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Let $\rho:G\longrightarrow GL(V)$ a finite dimensional representation of G. I was trying to show if $\rho .\rho$ is irreducible then $V$ is one dimensional.

Since $\rho.\rho$ is a representation for the tensor product $V\otimes V$, $\rho.\rho:G\longrightarrow GL(V\otimes V)$, where $\rho.\rho(a)(v\otimes w)=\rho (a)(v)\otimes\rho(a)(w)$. since $V$ is finite dimensional, then $V\otimes V$ is also finite dimensional. Let $W$ be any sub space of $V$. Then clearly $W\otimes W$ is a subspace of $V\otimes V$. And from the irreducibly of $\rho.\rho $, the only invariant subspace are $\{0\}$ and $V\otimes V$. Thus if $W\neq\{0\}$ and $W\neq V$, then I can assume $0\neq x\in W$ where $\rho(a)(x\otimes x)=\rho(a)(x)\otimes\rho(a)(x)\not\subseteq W\otimes W$. Which means, $\rho(a)(W)\not\subseteq W$. How can I continue to sho contradiction on the existence of $W$. Or do you have any other simple way to show the statement?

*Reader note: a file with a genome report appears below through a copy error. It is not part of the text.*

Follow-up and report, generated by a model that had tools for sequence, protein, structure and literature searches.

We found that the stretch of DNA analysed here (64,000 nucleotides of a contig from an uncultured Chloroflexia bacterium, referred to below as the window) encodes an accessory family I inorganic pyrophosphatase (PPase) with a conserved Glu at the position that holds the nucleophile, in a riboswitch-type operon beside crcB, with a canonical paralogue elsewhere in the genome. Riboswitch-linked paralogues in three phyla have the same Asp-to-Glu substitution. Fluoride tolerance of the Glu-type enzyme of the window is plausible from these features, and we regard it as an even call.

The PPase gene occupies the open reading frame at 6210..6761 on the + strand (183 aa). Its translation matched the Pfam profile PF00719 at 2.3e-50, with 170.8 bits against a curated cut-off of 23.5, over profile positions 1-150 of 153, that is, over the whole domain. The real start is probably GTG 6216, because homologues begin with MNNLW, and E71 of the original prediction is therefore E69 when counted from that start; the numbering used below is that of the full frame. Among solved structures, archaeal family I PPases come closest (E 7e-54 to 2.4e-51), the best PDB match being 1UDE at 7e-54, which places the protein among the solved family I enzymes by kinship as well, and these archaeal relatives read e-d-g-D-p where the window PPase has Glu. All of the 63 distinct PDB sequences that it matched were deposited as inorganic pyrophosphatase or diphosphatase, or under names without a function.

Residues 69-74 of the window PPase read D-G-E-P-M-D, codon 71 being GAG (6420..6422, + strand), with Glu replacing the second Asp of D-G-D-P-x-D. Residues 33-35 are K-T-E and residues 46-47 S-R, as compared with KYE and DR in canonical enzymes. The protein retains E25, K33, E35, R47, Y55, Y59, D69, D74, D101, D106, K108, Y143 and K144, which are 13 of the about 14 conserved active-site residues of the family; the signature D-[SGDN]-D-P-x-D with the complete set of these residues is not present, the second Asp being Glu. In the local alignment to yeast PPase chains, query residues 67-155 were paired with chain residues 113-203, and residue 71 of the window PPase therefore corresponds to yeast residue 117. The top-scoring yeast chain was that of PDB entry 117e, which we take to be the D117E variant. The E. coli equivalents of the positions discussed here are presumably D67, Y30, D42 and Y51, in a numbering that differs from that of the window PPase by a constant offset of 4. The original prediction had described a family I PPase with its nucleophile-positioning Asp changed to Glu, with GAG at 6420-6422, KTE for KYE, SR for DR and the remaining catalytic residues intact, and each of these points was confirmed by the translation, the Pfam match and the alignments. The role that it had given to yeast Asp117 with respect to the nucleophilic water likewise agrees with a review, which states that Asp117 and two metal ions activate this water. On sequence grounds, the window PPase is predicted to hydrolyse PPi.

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  • $\begingroup$ I'm thinking about using characters, is your group finite? $\endgroup$ – M. Van Oct 21 '17 at 13:21
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Every pure tensor in $V \otimes V$ can be written as the sum of a symmetric part $\frac{1}{2}(v\otimes w + w \otimes v)$ and an antisymmetric part $\frac{1}{2}(v \otimes w - w \otimes v)$, and this decomposition extends to give a direct sum decomposition $V\otimes V = S^2 V \oplus \wedge^2 V$ into these symmetric and antisymmetric parts. It is easy to check that the action of $G$ on $V \otimes V$ preserves this decomposition, and so $V \otimes V$ cannot be irreducible, unless one of these parts is $0$. Now, check that $\wedge^2 V = 0$ iff $V$ has dimension 0 or 1.

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